it is used mainly to cover the taste of the egg yolks, rather than to give a vanilla aroma to the ice cream. Prefer vanilla extract over vanilla essence, if available. As I mentioned before, I never use vanilla extract, as it is hard to get my hands on a good one. Instead, I always use a good quality raw cane sugar, such as Demerara to give a flavour similar to vanilla’s to the ice cream (see Biterkin tricks above)

The recipe at a glance:
to show steps 1 and 2 of recipe
steps 3 and 4 italian crema ice cream recipe
Italian Crema Ice Cream | the custard version
Ingredients:

For best results, use a scale and measure the ingredients directly into the utensils, when you need them.

Avoid weighing in one utensil and transferring to another, as this causes a small, but important loss of quantity, especially in liquids.

For cup measurements:

If using cups to measure the ingredients, make sure that you thoroughly scrape the cup every time you empty it.

Use regular cow’s milk, fresh, with around 3,5% fat.

Do not substitute with light versions (lower fat) or non-dairy milk, like nut milk. Both the fat and the milk proteins are needed for the recipe to work. 

You can use regular sugar (granulated sugar) or a raw cane sugar such as turbinado or demerara. If using a good quality demerara, with a lively aroma, you can omit the vanilla extract, if you like.

Do not use sugar substitutes, such as table sweeteners or stevia. Also, do not use confectioner’s sugar, it is not suitable for this recipe. 

For best results, use heavy cream with 35-38% fat percentage. It should be of pourable consistency. If you only have heavy cream with 39-40% fat, you can still make this ice cream, no adjustments need to be made.

Do not use lower fat versions. Do not use any kind of non-dairy cream. 

The number of the eggs given in the ingredients are only indicative, the actual quantity may vary. The only recommended and best practice is to weigh the egg yolks. 

Weighing the egg yolks is important, so that they will cook properly when you pour in the boiling cream in step 1. If the amount of egg yolks is less than that, they may cook and curdle when you pour in the boiling milk. The same will happen if the eggs are not cold from the fridge: if they are at room temperature, they may cook and curdle from the boiling cream.

However, if upon breaking and weighing the egg yolks you are just some grams (up to 10gr; 0.5oz is ok) away from reaching the desired weight, but at the same time you do not want to break one more egg, you can replace it with the same amount (in weight) of the leftover egg whites or any other cold fluid like some extra milk or cream. This way you will retain the balance of the boiling milk to cold eggs ratio, without compromising on the results.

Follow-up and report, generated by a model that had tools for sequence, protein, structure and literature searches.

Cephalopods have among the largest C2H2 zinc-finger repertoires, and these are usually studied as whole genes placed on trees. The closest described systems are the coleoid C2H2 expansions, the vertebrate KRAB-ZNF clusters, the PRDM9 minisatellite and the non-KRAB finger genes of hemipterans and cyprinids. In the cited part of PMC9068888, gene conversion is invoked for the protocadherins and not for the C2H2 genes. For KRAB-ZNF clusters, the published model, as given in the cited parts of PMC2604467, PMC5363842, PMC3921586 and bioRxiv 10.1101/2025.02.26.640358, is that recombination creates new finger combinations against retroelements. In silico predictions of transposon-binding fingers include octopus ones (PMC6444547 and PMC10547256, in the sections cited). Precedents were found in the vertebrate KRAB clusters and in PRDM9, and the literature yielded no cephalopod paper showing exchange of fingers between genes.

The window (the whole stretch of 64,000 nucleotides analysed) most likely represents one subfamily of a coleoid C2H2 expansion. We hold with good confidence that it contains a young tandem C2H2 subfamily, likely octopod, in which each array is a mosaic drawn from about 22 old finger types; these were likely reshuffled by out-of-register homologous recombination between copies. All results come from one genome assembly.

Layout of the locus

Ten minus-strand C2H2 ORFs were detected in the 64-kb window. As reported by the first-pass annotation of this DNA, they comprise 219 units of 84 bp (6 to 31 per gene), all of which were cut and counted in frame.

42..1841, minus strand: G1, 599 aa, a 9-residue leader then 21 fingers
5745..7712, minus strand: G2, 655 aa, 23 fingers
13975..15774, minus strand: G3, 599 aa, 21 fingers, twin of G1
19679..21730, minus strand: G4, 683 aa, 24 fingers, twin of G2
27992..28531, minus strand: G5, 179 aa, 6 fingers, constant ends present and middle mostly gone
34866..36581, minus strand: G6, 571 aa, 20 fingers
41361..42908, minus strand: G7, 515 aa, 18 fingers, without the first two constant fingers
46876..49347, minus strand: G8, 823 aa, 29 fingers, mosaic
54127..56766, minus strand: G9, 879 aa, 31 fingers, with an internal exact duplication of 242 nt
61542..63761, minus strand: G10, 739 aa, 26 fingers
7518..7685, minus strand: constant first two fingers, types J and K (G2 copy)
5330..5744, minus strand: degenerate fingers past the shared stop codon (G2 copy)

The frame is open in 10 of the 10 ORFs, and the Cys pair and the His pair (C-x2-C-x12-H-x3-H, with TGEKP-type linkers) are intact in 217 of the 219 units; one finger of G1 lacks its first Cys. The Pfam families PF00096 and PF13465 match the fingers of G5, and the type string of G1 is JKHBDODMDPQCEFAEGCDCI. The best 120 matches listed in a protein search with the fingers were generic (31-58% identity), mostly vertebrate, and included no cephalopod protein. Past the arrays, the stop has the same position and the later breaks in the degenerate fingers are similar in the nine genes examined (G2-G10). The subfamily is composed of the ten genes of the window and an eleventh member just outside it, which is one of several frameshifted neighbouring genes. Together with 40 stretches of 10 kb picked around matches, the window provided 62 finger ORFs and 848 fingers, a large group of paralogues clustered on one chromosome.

A flexible rubber spatula is useful for:

-wiping the bottom of the saucepan when cooking dairy on the stovetop

-scraping residues which would be otherwise left behind in bowls, saucepans etc.

If you do not have one, I strongly encourage you to buy one, preferably a flexible one.

Fact: When you boil milk, it curdles.

But you can boil milk with sugar; just make sure that the sugar fully dissolves before raising the heat: gently warm the milk and sugar over medium heat, stirring often to ensure that the sugar is completely dissolved; then you can raise the heat and bring it to a boil. If the milk boils before all the sugar has dissolved, it will curdle.

Using a saucepan with a long handle in step 1 is useful for easily pouring  the boiling cream with one hand, while whisking the eggs vigorously with the other.

Bonus tip: put a towel under the bowl with the eggs, to keep it in place while whisking.

Instructions

Before starting, make sure that your ice cream maker is ready for churning when needed. This means that if it has a removable freezer bowl, it should be put in the freezer for the whole time indicated by the manufacturer, usually 24 hours.

Step 1: Prepare the ice cream mixture

Put the cold egg yolks in a large bowl, and whisk them lightly to break them down. Put them in the fridge, keeping the whisk in the bowl.

In a medium saucepan, put the milk and sugar. Warm over medium heat, stirring often with a silicone spatula, until the sugar dissolves. Increase the heat to high and remove the egg yolks from the fridge. When the milk comes to a full boil (bubbles up vigorously), remove it from the heat, and immediately start pouring it in a steady stream into the egg yolks with one hand, while whisking them vigorously with the other. 

With a rubber spatula, stir well and thoroughly for one minute.

Important: You have to stir with a rubber spatula the custard while it is still hot, thoroughly scraping the sides and bottom of the bowl, where residues of egg yolk lie. Those residues, which you cannot see them, are there and they should be incorporated into the rest of the mixture, while it is still hot. Stirring also makes the custard thicken.

Add the heavy cream and stir to combine.


Step 2: Chill the ice cream mixture

Prepare an ice bath by putting ice cubes and cold water in a large bowl and carefully nest the bowl with the ice cream mixture, taking care that no water slips into it. Leave for about 30 minutes, stirring occasionally.